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Zoom  
Left brain: I am the left brain. I am a scientist. A mathematician. I love the familiar. I categorize. I am accurate. Linear. Analytical. Strategic. I am practical. Always in control. A master of words and language. Realistic. I calculate equations and play with numbers. I am order. I am logic. I know exactly who I am.
Right brain: I am the right brain. I am creativity. A free spirit. I am passion. Yearning. Sensuality. I am the sound of roaring laughter. I am taste. The feeling of sand beneath bare feat. I am movement. Vivid colors. I am the urge to paint on an empty canvas. I am boundless imagination. Art. Poetry. I sense. I feel. I am everything I wanted to be.
I personally really like this copy for a Mercedes-Benz print ad. I like how there is a lot of print and little branding going on in this ad. The print enables the reader to tie in with the ad as it appeals to every single individual. You are able to find yourself a place just by looking at the ad - where you sit back and wonder “Am I the left or right brain?”. I also like how the right and left brain are so distinctive, in the way the print puts it out. There are many nouns, verbs, and adjectives being used to describe each particular side of the brain. Both the visual and the linguistic idea go together in the ad. These opposite sides compliment one another, even though the descriptive words used under each side are different. If you pay close attention to all of the words as a whole, not looking at just the left or right side — you can see how Mercedes-Benz places itself as the best of the best as it encompasses the best of both worlds. With all of these different “labeling” words, metaphors, etc. , one can associate themselves with the Mercedes brand without having to look at a picture of an actual car. I think it’s very interesting how the words draw the reader in deeper in this ad.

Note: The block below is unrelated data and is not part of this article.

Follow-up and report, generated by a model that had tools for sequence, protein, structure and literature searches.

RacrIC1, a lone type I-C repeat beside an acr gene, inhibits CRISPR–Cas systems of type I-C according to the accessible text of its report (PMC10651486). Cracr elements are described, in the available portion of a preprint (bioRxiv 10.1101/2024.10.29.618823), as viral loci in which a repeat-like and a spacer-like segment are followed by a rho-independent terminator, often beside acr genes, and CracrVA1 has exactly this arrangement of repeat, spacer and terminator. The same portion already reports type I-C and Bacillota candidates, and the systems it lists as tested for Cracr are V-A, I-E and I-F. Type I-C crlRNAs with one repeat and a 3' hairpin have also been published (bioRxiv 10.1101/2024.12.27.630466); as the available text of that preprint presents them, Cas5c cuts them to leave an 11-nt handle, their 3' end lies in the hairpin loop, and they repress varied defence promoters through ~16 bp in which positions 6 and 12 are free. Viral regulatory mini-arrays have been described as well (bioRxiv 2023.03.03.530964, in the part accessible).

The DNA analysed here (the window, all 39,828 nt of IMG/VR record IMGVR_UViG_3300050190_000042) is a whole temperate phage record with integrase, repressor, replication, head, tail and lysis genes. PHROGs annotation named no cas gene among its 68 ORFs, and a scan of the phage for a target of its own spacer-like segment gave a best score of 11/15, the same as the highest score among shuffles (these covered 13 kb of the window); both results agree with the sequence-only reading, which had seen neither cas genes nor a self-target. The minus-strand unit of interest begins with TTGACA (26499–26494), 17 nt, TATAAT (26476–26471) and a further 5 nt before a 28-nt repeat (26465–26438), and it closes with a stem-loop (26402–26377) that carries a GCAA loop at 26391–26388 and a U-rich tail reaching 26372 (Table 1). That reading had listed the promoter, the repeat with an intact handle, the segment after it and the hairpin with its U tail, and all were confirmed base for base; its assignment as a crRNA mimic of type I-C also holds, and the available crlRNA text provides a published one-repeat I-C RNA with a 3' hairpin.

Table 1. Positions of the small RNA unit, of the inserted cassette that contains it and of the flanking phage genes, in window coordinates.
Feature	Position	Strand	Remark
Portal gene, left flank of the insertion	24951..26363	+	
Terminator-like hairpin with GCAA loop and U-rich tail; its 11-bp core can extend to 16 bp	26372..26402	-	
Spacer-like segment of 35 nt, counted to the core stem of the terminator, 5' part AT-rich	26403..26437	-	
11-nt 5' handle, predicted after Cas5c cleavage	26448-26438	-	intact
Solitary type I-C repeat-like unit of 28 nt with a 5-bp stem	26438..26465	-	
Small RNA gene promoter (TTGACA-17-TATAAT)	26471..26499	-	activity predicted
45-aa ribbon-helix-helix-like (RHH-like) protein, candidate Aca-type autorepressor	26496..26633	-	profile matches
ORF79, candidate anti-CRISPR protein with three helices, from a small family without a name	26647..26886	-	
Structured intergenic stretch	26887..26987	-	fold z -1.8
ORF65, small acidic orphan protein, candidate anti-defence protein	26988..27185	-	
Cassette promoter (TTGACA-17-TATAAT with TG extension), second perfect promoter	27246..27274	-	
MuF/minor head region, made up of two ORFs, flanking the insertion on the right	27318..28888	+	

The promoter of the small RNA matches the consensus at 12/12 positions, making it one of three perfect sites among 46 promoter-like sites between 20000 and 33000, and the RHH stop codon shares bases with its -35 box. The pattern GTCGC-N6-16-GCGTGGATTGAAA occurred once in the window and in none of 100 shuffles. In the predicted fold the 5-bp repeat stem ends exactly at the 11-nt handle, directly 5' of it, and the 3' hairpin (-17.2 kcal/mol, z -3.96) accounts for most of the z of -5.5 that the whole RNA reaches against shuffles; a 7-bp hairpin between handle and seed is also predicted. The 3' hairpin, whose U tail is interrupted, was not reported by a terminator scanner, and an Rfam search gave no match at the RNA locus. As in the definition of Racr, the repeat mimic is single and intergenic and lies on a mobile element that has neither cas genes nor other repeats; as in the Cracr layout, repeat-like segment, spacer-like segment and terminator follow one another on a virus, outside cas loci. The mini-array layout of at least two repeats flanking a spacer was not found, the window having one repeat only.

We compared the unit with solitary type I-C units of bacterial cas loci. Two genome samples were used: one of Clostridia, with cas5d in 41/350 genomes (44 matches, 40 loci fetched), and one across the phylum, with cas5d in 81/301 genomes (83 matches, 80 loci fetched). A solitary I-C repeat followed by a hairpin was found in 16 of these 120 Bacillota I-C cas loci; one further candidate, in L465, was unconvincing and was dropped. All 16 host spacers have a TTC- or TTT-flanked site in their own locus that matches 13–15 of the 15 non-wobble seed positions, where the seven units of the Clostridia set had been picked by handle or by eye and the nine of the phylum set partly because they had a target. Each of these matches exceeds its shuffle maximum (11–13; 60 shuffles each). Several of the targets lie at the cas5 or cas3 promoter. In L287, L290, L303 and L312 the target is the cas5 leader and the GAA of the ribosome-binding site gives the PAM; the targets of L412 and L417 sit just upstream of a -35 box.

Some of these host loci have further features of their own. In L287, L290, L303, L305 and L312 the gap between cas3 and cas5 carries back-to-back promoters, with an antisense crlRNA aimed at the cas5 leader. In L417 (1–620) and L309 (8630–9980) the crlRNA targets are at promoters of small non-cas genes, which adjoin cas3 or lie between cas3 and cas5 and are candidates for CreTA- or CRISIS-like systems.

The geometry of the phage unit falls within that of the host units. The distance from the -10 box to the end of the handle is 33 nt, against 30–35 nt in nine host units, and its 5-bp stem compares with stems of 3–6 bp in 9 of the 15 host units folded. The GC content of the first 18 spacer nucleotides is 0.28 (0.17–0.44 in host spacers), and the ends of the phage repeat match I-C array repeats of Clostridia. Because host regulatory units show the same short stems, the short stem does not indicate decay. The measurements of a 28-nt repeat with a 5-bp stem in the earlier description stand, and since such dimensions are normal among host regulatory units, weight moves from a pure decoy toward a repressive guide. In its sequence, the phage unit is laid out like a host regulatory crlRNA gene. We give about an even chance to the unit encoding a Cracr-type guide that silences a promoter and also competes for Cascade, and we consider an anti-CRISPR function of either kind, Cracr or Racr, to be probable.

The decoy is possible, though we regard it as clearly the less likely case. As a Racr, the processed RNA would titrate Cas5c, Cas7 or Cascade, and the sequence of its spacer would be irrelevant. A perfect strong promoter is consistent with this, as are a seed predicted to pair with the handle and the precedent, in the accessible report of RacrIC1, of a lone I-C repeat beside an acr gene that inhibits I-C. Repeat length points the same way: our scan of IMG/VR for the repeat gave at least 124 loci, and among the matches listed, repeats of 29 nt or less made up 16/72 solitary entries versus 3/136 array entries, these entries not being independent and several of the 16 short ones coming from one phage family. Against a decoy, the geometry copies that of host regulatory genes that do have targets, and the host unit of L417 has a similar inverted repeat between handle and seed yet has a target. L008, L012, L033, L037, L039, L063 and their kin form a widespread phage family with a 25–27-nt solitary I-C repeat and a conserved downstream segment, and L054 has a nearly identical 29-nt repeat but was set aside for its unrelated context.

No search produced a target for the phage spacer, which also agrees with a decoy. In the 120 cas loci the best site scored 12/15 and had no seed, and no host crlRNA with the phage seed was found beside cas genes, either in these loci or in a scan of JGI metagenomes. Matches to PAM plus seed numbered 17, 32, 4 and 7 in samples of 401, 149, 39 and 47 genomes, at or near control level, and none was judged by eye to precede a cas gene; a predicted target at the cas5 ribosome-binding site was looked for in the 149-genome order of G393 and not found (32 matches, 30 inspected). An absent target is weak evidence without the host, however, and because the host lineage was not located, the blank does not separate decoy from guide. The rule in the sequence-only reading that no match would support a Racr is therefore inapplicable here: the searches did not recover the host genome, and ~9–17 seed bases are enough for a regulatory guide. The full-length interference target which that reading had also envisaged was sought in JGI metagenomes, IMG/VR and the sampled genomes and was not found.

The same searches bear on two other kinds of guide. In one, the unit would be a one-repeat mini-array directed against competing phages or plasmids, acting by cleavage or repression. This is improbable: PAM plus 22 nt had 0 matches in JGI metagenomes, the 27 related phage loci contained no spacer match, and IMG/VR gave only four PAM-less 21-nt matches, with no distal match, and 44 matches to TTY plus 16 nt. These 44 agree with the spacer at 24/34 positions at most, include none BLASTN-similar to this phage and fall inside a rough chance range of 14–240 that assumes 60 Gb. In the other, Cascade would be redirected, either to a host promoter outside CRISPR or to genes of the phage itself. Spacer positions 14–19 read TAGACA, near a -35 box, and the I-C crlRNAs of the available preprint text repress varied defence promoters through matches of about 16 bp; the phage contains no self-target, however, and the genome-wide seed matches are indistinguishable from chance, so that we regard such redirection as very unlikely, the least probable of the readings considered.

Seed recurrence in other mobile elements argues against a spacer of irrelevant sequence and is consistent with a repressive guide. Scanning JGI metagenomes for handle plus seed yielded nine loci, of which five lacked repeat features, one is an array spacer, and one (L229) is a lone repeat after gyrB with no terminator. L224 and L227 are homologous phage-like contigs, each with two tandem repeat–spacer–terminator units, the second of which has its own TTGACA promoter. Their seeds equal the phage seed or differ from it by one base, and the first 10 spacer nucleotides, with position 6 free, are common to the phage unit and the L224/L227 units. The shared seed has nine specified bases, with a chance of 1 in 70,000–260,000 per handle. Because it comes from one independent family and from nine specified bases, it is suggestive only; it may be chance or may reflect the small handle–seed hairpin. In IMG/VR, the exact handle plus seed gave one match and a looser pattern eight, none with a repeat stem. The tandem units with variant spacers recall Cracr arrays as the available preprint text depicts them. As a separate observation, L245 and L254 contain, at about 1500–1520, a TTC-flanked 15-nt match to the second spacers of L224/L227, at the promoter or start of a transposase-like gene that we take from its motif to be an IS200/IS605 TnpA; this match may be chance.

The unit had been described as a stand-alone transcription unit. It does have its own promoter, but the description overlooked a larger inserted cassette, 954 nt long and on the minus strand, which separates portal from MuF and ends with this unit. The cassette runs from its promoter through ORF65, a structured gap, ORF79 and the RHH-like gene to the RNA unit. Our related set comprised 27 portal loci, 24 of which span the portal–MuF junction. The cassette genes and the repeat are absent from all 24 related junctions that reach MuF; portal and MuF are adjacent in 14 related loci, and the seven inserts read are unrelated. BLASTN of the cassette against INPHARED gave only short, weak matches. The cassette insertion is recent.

Left brain: I am the left brain. I am a scientist. A mathematician. I love the familiar. I categorize. I am accurate. Linear. Analytical. Strategic. I am practical. Always in control. A master of words and language. Realistic. I calculate equations and play with numbers. I am order. I am logic. I know exactly who I am.

Right brain: I am the right brain. I am creativity. A free spirit. I am passion. Yearning. Sensuality. I am the sound of roaring laughter. I am taste. The feeling of sand beneath bare feat. I am movement. Vivid colors. I am the urge to paint on an empty canvas. I am boundless imagination. Art. Poetry. I sense. I feel. I am everything I wanted to be.

I personally really like this copy for a Mercedes-Benz print ad. I like how there is a lot of print and little branding going on in this ad. The print enables the reader to tie in with the ad as it appeals to every single individual. You are able to find yourself a place just by looking at the ad - where you sit back and wonder “Am I the left or right brain?”. I also like how the right and left brain are so distinctive, in the way the print puts it out. There are many nouns, verbs, and adjectives being used to describe each particular side of the brain. Both the visual and the linguistic idea go together in the ad. These opposite sides compliment one another, even though the descriptive words used under each side are different. If you pay close attention to all of the words as a whole, not looking at just the left or right side — you can see how Mercedes-Benz places itself as the best of the best as it encompasses the best of both worlds. With all of these different “labeling” words, metaphors, etc. , one can associate themselves with the Mercedes brand without having to look at a picture of an actual car. I think it’s very interesting how the words draw the reader in deeper in this ad. 

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All the things we like as human beings are either immoral, illegal, or fattening.